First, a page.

How we fit the tables into the smartphone screen and unified them as part of the design system

    We develop working tools for employees and partners of the customer. Most of the modules we created contain tables, registers, cards with detailed information.

    Initially, the main part of the modules was sharpened for the web, because office workers from stationary computers work with the systems. About how we worked out a design system for the web, we wrote earlier .

    But life is constantly accelerating, so that the speed of decision-making increases significantly. Our users need to be up to date at any time, and not just sitting in the workplace. And we understand that we must provide mobile information sufficient to make operational decisions.

    For design design, this poses us 2 tasks:

    1.Turn big to small - translate large lists into a mobile presentation.

    2. Develop a unification approach - unify the mobile presentation for different lists within our ecosystem. So that the user experience is consistent, regardless of the module with which the user works.

    In this note, we will share how we approached the solution of the problems of translating tables into lists and unifying the presentation of different lists.

    We agree on the concepts on the shore.

    The design object we have, in fact, is a row in the table.

    For instance,

    • Travel application
    • expense report
    • sales information
    • Application for connecting a partner and so on.

    Further in the article we will call our object a line.

    Decomposing the task

    First of all, we put together and analyzed all our services, in fact, disassembling them into components.

    We determine the data that needs to be transferred to the mobile version

    Despite the fact that there is a lot of data, and they are different, each unit - the line of the table (application, transaction, news, etc.) - has an identification number, a humanoid name, date (creation, update), status and opportunity with this to do something. And then varieties and details begin.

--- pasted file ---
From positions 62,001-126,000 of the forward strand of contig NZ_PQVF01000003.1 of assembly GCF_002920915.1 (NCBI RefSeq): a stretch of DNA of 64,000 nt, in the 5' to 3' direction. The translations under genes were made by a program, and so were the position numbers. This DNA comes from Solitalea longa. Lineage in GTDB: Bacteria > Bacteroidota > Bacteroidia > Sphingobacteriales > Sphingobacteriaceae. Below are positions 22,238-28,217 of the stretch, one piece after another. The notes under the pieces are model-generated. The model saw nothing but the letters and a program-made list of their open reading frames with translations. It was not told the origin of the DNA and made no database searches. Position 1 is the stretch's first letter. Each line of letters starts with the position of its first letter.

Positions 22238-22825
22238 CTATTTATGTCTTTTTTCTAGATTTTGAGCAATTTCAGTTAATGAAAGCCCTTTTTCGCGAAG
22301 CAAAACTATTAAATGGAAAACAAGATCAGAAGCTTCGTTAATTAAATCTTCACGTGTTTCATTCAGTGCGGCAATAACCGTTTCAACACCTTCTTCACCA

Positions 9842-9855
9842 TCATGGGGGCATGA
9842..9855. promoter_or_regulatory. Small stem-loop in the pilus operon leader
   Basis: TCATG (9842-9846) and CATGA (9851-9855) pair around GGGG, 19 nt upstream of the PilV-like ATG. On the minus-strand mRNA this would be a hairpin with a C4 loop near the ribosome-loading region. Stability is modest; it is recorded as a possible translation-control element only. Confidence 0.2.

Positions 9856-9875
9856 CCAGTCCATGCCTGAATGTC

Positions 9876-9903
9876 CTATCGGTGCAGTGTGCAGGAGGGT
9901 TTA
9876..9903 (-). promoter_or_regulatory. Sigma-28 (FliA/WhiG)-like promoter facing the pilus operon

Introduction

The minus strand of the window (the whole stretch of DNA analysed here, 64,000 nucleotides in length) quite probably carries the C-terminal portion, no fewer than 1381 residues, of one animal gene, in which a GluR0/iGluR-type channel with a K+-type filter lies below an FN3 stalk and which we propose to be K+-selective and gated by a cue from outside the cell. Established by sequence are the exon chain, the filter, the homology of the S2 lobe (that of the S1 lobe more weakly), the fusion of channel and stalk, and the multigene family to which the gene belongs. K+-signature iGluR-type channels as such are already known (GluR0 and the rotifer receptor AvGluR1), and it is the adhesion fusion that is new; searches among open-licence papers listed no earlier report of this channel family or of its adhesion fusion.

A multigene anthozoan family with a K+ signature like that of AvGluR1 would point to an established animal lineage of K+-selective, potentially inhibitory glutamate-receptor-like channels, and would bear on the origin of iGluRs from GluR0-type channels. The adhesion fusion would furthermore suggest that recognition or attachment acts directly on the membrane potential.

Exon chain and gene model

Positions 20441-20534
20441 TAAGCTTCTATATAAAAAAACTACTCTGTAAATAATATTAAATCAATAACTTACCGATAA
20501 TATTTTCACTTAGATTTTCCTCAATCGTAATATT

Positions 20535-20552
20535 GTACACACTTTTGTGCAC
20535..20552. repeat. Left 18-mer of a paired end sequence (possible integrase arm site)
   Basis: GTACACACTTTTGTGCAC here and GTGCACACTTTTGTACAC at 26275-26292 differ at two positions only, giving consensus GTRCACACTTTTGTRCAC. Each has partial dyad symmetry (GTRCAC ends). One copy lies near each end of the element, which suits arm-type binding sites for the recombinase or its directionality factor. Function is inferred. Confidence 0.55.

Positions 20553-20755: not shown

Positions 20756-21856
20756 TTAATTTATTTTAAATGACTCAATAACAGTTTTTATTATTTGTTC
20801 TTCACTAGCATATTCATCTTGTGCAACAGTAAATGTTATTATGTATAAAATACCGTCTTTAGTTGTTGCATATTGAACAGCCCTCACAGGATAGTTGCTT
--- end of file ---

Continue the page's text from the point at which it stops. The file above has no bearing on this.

Defining a table pattern

    How will we fit this amount of data on one page? Google’s Material Design system is similar in structure to ours, and their solutions turned out to be quite applicable to our realities.

    The concept of Material Design data displayed lists ( a List ) and cards ( Card , Card collection ).

    We decided to work with cards, because there is a lot of information and it needs to be clearly separated. And the list is more suitable for simple structures.

    Image source

    In fact, the card represents a single, self-sufficient and indivisible block of information. Plus, cards have many options for showing additional information and actions, which is important for business data.

    We fixed the rules on how to unify data

    When creating a system, it is important to ensure uniformity so that cards are presented equally regardless of the nature of the information.

    1. Unified rules for building a card. Cards should be similar in structure: the user should not be retrained for each new service. Therefore, information blocks and the priority of their display are fixed in the rules.
    2. The card - not all, but the most significant information from the table - should be visible on the smartphone screen.
    3. The methods for obtaining (displaying) additional detailed information from the table should also be uniform.

    Build the constructor

    We highlight the essence in the line